Image credit: Nomad_Soul/

They show me these awful images, on repeat. They call it conditioning – a necessary step to the evolution of my mind beyond the lesser experience of empathy.

The heart, they say, is but a muscle, and we must strengthen it and take away its sentimentality, its compassion – all the weaknesses that leech away our strength. We must be wiped of all fellow feeling to truly feel our own essential freedom.

All this they say. But all I want to do is run, to scream, to throw up as each image scars my brain. There is something deeply wrong here. There must be. For the images are real, not make up, not special effects. Such suffering they show or promise. And for this, there must be victims, and I am to forget that? For freedom?

But what did my friend Laurence say? That those that do not manage the programming become the victims. The ultimate test of Darwin’s law – the survival of the fittest. To resist is to become one with the pictures in a far worse way. It is to become their subject rather than their audience.

He knew, he saw it all. He was always the clear one of our gang. But I haven’t heard from him in days, and something in me fears that he failed the test, as I may yet do if I cannot hold down the bile threatening to rise up my throat even now.

And oh my god, this picture now, this torso, torn and tortured – looks too familiar. Looks just like Laurence, but the face is mangled beyond recognition. Still I see the tattoo on the wrist, the single, flying dove, and I know. I know it’s him.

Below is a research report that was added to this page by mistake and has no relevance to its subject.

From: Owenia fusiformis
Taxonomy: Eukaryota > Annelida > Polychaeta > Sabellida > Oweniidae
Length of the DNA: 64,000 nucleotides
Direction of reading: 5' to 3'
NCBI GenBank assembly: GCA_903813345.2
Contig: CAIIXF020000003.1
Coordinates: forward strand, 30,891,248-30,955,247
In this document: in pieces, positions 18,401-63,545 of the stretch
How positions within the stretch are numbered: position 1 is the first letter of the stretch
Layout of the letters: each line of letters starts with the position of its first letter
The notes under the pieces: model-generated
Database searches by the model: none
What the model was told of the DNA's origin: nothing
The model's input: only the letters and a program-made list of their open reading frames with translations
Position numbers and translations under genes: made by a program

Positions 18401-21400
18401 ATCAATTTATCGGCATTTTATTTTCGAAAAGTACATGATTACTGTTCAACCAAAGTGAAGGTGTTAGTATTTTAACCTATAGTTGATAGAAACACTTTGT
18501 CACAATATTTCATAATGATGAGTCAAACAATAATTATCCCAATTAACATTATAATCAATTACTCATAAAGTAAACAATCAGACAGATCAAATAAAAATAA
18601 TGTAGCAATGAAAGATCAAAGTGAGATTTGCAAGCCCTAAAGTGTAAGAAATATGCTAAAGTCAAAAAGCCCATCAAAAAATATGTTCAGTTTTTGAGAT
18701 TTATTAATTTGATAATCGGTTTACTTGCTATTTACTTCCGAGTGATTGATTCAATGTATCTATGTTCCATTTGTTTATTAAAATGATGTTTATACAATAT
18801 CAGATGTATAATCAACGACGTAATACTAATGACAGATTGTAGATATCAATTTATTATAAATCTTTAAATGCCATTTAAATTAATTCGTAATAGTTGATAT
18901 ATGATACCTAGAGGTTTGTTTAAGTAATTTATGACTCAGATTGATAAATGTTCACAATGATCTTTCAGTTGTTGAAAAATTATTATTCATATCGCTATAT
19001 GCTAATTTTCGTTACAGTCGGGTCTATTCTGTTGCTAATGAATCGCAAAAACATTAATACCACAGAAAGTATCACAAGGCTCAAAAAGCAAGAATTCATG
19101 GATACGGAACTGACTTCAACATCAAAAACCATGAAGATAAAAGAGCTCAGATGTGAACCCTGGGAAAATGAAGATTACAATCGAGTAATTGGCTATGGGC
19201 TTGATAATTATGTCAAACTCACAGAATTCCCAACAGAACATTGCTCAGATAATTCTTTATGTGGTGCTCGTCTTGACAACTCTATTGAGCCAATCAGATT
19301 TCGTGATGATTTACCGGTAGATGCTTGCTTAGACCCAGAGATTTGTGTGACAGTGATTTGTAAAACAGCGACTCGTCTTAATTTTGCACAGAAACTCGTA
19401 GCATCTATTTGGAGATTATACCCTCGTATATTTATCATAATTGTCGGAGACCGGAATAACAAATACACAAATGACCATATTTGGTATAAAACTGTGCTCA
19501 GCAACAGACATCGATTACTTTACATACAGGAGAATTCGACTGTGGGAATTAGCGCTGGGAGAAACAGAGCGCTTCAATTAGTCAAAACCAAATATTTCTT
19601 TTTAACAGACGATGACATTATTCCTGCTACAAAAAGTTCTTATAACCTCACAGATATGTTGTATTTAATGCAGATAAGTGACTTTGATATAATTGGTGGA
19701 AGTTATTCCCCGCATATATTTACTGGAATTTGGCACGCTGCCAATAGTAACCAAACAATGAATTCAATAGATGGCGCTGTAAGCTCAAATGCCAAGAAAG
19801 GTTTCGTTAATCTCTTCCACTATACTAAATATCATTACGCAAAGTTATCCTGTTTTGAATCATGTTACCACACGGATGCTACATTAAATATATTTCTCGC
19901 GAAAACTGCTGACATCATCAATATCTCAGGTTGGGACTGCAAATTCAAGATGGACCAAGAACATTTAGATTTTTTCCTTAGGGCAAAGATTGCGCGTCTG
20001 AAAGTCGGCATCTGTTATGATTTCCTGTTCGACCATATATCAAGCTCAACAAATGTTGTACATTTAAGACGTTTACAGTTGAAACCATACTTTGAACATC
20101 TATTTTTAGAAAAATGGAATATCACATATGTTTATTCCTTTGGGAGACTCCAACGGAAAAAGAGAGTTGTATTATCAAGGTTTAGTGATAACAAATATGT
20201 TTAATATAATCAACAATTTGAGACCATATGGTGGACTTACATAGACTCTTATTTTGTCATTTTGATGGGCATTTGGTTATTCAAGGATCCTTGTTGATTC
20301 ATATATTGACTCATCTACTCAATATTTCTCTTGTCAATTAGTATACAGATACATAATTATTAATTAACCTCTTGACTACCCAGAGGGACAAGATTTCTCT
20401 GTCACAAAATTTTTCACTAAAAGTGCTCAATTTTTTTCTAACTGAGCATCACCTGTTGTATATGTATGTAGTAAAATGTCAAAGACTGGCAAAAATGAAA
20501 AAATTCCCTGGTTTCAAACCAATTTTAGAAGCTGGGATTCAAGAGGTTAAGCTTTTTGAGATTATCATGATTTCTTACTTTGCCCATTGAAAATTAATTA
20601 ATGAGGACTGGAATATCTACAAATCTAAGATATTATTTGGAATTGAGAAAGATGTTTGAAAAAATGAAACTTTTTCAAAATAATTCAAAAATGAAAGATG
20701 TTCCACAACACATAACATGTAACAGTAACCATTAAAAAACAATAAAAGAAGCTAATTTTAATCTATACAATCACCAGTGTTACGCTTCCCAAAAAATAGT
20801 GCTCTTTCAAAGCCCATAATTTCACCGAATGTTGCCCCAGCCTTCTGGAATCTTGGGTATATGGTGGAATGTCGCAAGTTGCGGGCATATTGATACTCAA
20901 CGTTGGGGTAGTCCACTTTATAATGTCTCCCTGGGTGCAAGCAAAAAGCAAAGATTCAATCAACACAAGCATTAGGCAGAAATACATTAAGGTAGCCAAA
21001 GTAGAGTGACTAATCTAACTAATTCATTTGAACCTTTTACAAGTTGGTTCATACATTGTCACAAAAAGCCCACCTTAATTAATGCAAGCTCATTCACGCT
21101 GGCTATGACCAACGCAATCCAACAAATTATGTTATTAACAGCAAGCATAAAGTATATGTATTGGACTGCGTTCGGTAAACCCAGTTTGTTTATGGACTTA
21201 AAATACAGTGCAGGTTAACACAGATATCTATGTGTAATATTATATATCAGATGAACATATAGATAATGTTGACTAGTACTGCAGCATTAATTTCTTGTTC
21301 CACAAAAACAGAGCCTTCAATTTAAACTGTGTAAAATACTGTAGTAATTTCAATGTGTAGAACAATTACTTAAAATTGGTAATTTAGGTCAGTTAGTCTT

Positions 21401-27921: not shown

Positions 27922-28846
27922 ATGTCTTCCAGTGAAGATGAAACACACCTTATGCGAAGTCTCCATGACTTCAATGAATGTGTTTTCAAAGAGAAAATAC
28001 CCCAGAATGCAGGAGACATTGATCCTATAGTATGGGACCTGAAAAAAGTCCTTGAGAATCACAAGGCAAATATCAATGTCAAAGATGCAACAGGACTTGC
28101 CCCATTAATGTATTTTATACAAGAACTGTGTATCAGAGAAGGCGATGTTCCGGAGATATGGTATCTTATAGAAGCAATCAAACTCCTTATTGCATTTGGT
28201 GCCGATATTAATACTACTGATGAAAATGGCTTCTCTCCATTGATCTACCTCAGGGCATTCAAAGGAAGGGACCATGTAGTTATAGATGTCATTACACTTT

And that they’ve shown me this for a reason – they already suspect I may not pass the test. Who knows, maybe in those final moments evenLaurence gave me up and told them of my doubts. I’ll never know, and his death now is like the bell, tolling for me.

For if he failed, then surely so will I.  So will I.

(c) Helen M Valentina 2020

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The Monks

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We’re not sure when the monks turned, or why. Rumors had swirled thought the Vatican for years.  People pointed to the snake like architecture of papal lodgings and meeting rooms. They whispered about secret meetings in the bowels of the buildings, and just when the religion turned from faith to denial.

Rumors are hyperbolic of course. It is their nature. I cannot say if the Church itself turned, only the monks in this one chapter I reviewed. Feeling like a Witchfinder General from the days of the inquisition or something, I studied them from within. I joined their ranks and I watched their ways and as the hints were dropped I took the bait.